Take the 2-minute tour ×
Stack Overflow is a question and answer site for professional and enthusiast programmers. It's 100% free, no registration required.

I stumbled upon an issue with event namespacing while developing a jQuery plugin.

here is the html

<div class="parent">
    <div class="child">
    </div>
</div>

<a class="btn-a">trigger a</a>
<a class="btn-b">trigger b</a>
<a class="btn-c">trigger c</a>

Here is the jQuery

jQuery('#content div.child')
    .bind('a.a',function(){alert('a-child');})
    .bind('a.b',function(){alert('b-child');})
    .bind('a.c',function(){alert('c-child');});


jQuery('#content div.parent')
    .bind('a.b',function(){alert('b-parent');})
    .bind('a.c',function(){alert('c-parent');});


jQuery('a.btn-a')
    .click(function(){
         jQuery('#content div.child').trigger('a.a');
     });


jQuery('a.btn-b')
   .click(function(){
       jQuery('#content div.child').trigger('a.b');
   });


jQuery('a.btn-c')
    .click(function(){
        jQuery('#content div.child').trigger('a.c');
    });

In sum, I have attached a namespaced event listener to the child and parent and created three buttons that trigger each of the events(a.a, a.b, a.c). Note the parent is only listening to a.b and a.c. When I click on the button that triggers a.a on the child, only the div.child listener for a.a is fired, but the entire 'a' namespace event bubbles up to div.parent listeners, a.b and a.c, and triggers them. My question is, how would I still use event namespacing but only have the intended event bubble up(i.e. a.a is the only event that fires for both child and parent). I am aware of stopPropagation and stopImmediatePropagation. I would not want to put these on the child a.b and a.c listeners because there are times when i do want them to bubble. For instance when I trigger 'a.b' on the child, I would expect the 'a.b' and only the 'a.b' event to be handled by the child and the parent.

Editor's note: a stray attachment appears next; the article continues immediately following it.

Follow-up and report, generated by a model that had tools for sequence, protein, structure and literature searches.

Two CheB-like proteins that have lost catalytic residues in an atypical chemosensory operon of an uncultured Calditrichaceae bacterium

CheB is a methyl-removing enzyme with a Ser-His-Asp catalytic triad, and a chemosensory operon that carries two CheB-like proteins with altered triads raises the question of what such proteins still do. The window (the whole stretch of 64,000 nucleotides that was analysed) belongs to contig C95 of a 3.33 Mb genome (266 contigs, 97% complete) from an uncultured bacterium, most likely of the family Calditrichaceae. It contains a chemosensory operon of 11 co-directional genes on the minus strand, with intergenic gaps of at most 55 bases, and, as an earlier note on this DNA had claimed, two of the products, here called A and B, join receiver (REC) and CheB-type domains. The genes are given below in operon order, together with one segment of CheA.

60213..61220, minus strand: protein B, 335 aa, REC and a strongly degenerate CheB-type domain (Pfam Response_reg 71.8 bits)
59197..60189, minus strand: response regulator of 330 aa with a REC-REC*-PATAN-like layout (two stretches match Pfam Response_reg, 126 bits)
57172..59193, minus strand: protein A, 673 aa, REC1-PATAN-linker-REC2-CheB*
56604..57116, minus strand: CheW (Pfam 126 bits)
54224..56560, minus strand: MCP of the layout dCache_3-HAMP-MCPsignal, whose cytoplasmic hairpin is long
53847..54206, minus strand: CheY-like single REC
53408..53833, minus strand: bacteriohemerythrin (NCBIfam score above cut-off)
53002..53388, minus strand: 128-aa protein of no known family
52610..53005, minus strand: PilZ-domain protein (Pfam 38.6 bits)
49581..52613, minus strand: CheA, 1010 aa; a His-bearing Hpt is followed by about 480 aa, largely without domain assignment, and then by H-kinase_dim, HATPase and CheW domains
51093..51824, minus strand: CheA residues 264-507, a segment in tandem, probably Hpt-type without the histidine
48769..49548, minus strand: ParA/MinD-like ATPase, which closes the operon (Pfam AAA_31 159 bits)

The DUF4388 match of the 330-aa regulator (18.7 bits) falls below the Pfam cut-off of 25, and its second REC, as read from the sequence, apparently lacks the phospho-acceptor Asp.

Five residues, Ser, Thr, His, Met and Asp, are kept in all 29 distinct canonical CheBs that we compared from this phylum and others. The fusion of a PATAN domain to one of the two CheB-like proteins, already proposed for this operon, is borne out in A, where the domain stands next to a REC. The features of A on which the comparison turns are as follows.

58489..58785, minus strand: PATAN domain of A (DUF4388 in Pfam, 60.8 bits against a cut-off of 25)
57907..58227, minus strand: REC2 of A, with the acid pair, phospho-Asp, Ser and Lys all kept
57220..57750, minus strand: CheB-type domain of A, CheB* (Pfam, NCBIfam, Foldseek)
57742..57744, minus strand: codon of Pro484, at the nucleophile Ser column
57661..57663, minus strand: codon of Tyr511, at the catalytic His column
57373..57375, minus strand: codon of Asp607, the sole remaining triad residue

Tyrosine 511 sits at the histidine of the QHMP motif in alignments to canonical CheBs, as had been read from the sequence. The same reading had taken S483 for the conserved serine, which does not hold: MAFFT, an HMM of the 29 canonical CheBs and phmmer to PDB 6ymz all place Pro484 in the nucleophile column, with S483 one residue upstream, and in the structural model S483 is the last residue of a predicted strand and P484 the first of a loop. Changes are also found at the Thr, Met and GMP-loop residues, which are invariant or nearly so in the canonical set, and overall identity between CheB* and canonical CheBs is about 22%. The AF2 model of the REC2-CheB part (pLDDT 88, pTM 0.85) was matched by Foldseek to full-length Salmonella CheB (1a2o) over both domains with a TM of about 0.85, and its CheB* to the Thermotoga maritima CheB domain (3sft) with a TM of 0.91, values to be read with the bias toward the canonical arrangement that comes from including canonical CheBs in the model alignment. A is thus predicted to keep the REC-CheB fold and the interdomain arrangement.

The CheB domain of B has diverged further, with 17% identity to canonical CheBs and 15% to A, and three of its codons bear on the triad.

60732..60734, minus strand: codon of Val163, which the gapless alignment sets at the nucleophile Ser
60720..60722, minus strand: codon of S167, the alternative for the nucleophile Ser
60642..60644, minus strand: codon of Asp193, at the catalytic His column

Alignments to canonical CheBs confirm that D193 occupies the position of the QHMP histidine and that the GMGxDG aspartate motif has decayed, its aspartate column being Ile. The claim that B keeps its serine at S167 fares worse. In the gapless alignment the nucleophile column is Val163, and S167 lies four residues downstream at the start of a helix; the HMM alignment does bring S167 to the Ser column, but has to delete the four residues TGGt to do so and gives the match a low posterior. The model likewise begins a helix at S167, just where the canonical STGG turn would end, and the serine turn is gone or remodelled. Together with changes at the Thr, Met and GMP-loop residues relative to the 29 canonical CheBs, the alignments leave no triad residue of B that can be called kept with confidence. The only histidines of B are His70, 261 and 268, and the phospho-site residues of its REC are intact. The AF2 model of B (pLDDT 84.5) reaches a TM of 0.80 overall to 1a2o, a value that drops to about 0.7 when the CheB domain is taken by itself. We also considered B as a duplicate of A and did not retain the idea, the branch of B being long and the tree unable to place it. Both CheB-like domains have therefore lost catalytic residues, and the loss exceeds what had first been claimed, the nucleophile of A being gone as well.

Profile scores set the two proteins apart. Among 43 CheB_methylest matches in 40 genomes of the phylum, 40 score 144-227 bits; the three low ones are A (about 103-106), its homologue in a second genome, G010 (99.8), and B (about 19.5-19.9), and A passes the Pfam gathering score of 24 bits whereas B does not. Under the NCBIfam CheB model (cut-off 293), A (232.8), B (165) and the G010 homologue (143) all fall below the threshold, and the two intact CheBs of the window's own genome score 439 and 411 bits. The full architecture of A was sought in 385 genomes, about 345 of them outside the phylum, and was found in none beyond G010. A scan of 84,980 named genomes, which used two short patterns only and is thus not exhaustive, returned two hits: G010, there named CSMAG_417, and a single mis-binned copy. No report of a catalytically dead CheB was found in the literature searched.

Thanks

share|improve this question
add comment

1 Answer

up vote 2 down vote accepted

I'm not entirely sure from the question, but it seems like this is the behavior you want: http://jsfiddle.net/cHrSG/

Namespaces are after the event, not before, so the format is event.namespace, the jQuery docs have a thorough read here. If you swap them around your code has the expected effect, at least I think it's what you expect best as I can tell from the question:

jQuery('#content div.child')
    .bind('a.a',function(){alert('a-child');})
    .bind('b.a',function(){alert('b-child');})
    .bind('c.a',function(){alert('c-child');});
jQuery('#content div.parent')
    .bind('b.a',function(){alert('b-parent');})
    .bind('c.a',function(){alert('c-parent');});
jQuery('a.btn-a')
    .click(function(){
         jQuery('#content div.child').trigger('a.a');
     });
jQuery('a.btn-b')
   .click(function(){
       jQuery('#content div.child').trigger('b.a');
   });
jQuery('a.btn-c')
    .click(function(){
        jQuery('#content div.child').trigger('c.a');
    });​
share|improve this answer
    
Thanks Nick, this was exactly it. I saw the docs but did not connect that i had it backwards. –  Adrian Adkison Apr 29 '10 at 22:37
add comment

Your Answer

 
discard

By posting your answer, you agree to the privacy policy and terms of service.

Not the answer you're looking for? Browse other questions tagged or ask your own question.